RKO 281 (1999), directed by Benjamin Ross, is a reflexive cinema gem. The title is derived from the original production number for Citizen Kane. The first half of the film covers the genesis of Citizen Kane, and the second half chronicles a nearly successful campaign to stop the film from being released and to burn all the negatives and prints. Offended and disgraced by the depiction of himself in the film–William Randolph Hearst led the charge. He had the studio executives in his corner–ready to accept bribes–but he was going bankrupt and couldn’t follow through. RKO 281 is based on the documentary, The Battle Over Citizen Kane.
It opens with a beautiful scene that inspires and excites the filmmaker in all of us. A young Orson Welles blows out the candles on his birthday cake,” Orson,” says his mother, “come into the light, never stand in the shadows, you were made for the light. Always remember that.”
And soon enough, we are watching a twenty-five-year-old Welles (Liev Schreiber), wandering around Xanadu in the middle of the night, conceiving the idea for Citizen Kane. “I’ve got it!” He says in voice-over, “I know what we are going to do, imagine a man who shaped his time, a titanic man of limitless ambition, a man with an empire at his feet, controlling the perceptions of everyone beneath him–a modern feudal lord. The great American biography, a journey into the heart of the beast.”
A sequence ensues with a rat a tat tat exchange of inspired and passionate ideas between writer Herman Mankiewicz (John Malkovich) and Welles. Themes like “Love on your own terms” are pronounced with gusto and glory as we watch the vision for Citizen Kane take shape. Then Mankiewicz reveals that–for many years–he’s been keeping a file on Hearst, and their collaboration begins.
It captures the collaborative spirit with joyful nostalgia, leaving butterflies in the stomach. However, this is only one version of the story. In Frank Brady’s Biography, Citizen Welles, he writes how Welles–at first–was just focused on finding the right character to play. He was looking for a larger than life persona that could highlight his talent and reputation as a theater performer and radio star. Brady then recounts a court testimony by Mankiewicz which suggests he was the one to offer up Hearst as the film’s subject:
In a court proceeding years later, Mankiewicz gave his account of how the idea of the Welles film began, saying that it evolved out of a discussion of technique: a character would be shown in a March of Time sequence, and then the film would tell us about the person. “We were going to do The Life of Dumas,” remembered Mankiewicz,” and then I told him about how I would be interested in doing a picture based on Hearst and Marion Davies. I just kept telling him everything I knew about them. I was interested in them, and I went into all kinds of details. In an odd way it wasn’t really Citizen Kane at all, because we were going to do a great love story, which you remember Citizen Kane didn’t turn out to be.
Welles was under contract to write the screenplay, and the studio wanted it that way for publicity reasons. But Welles wanted Mankiewicz to write it. And Mankiewicz contractually agreed to write it without taking credit.
Serendipitous to my research, David Fincher just released Mank on Netflix this month. It centers around Mankiewicz’s experience writing Citizen Kane while flashing back to his life as a writer and his relationship with Hearst and his mistress Marion Davies. The film made it clear how critical Mank’s contribution was to Citizen Kane. And while I don’t recollect any reference to who suggested Hearst, it does address the credit in one of the closing scenes starting as follows:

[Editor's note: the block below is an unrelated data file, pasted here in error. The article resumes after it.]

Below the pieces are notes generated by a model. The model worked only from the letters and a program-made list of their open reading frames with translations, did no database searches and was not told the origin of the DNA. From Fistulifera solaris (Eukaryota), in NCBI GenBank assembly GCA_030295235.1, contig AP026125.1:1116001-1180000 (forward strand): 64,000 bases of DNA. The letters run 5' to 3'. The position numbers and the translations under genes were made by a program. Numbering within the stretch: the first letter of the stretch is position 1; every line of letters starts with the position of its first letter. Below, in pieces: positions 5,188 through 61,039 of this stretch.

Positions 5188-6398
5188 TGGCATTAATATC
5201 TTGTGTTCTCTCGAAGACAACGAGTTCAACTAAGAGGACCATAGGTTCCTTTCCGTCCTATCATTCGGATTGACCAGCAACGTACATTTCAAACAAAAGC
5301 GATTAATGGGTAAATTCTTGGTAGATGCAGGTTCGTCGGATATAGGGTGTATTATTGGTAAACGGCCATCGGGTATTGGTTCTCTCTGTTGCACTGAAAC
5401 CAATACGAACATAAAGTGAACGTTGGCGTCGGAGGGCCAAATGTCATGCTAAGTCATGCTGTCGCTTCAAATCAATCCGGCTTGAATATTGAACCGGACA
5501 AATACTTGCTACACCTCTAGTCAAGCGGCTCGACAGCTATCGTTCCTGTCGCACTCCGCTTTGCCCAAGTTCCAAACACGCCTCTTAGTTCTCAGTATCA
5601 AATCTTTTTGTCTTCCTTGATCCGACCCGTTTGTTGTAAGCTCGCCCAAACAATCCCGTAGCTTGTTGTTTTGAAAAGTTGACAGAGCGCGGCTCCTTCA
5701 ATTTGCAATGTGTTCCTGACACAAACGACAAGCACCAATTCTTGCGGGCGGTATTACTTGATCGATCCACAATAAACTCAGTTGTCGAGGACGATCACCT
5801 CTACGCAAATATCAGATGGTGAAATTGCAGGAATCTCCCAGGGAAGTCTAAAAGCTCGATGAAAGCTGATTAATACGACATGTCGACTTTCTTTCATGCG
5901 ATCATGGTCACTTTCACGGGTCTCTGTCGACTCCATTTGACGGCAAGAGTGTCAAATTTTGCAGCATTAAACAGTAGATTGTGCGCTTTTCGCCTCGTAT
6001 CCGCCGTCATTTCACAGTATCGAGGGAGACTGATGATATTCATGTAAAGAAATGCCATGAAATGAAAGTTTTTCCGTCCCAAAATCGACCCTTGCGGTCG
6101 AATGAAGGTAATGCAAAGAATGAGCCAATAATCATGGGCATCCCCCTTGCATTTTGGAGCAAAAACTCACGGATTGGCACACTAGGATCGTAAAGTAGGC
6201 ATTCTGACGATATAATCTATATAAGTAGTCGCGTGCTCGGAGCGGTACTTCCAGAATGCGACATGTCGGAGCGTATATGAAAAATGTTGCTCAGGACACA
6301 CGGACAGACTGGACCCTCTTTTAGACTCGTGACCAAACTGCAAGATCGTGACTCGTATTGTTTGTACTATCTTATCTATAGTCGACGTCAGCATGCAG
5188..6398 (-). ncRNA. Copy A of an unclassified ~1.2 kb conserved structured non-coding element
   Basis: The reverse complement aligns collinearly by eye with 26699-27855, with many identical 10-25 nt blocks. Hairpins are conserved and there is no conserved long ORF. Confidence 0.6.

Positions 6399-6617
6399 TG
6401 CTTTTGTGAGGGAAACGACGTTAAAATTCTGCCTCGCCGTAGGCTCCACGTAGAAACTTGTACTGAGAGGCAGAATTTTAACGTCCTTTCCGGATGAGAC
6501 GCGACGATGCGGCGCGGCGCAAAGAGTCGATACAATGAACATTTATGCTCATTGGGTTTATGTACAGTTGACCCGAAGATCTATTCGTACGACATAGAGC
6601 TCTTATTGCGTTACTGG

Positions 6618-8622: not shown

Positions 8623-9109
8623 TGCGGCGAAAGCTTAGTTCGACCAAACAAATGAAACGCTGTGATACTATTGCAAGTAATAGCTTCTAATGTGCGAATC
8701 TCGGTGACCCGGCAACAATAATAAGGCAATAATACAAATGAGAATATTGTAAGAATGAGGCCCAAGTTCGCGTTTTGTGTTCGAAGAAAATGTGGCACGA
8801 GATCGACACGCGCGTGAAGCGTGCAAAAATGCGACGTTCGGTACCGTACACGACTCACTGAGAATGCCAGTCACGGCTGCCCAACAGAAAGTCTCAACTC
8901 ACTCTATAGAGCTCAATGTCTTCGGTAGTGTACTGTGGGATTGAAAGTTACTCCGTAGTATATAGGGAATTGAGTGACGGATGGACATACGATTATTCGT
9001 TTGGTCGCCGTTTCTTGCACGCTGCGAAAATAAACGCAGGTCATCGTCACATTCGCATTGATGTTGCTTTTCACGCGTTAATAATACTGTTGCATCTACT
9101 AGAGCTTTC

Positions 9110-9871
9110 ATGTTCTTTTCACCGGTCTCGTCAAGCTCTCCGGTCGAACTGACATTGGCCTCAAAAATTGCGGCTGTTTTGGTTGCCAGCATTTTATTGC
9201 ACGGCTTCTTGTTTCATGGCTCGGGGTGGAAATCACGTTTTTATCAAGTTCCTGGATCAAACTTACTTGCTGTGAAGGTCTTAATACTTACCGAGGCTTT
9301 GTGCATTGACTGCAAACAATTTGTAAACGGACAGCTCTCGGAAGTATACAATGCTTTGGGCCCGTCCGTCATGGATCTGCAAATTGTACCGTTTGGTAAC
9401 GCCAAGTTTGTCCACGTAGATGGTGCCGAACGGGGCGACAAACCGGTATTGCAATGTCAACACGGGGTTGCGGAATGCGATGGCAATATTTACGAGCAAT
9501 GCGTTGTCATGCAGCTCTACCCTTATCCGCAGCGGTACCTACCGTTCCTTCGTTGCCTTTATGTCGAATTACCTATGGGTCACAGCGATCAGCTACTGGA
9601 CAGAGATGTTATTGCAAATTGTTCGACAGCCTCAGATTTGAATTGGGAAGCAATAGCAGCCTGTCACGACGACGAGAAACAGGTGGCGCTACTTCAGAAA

“You’re not going to like this Orson,” says Mank. “I want credit.”
“Come again,” replies Orson.
“It’s the best thing I’ve ever written,” clarifies Mank.
It’s unclear how Welles really felt about this. The scene continues with Welles taking offense and throwing a tantrum. But in the subtext, I think his outburst was just a way for him to reconcile with his ego, while deep down, he understood and wanted Mank to get credit. What we know for sure is that Orson excepted Mank’s script–American, at two hundred pages–knowing, as Brady writes:
For many reasons, Welles couldn’t use a great deal of the script of American, errors of continuity, logic, and motivation being the most prominent.
but then adding that:
What is known and agreed upon by all concerned is that Mankiewicz came up with the concept of “rosebud,” the enigmatic word uttered by the dying mogul, the verbal icon around which the film revolves.
Citizen Kane was nominated for nine Academy Awards, but it only won for best writing of an original screenplay–both Welles and Mankiewicz received Oscars. Years later, Orson admitted he couldn’t remember all the details of who came up with which idea.
Credits and Specs
Directed by Benjamin Ross
Produced by Su Armstrong, Ridley Scott, Tony Scott
Written by John Logan
Based on the documentary The Battle Over Citizen Kane
Starring Liev Schreiber, John Malkovich, James Cromwell, Melanie Griffith
Music By John Altman
Cinematography by Mike Southon
Edited by Alex Mackie
Production Design by Maria Djurkovic
Production Company: HBO Pictures, WGBH, Scott Free Productions, and more
Release Date: November 20, 1999
Running Time: 86min
Aspect Ratio: 16:9
Camera and Lenses: Arriflex
Negative Format: 35mm Kodak
Printed Film Format: 35mm
Cinematographic Process: Spherical
Reported Budget: 12,000,000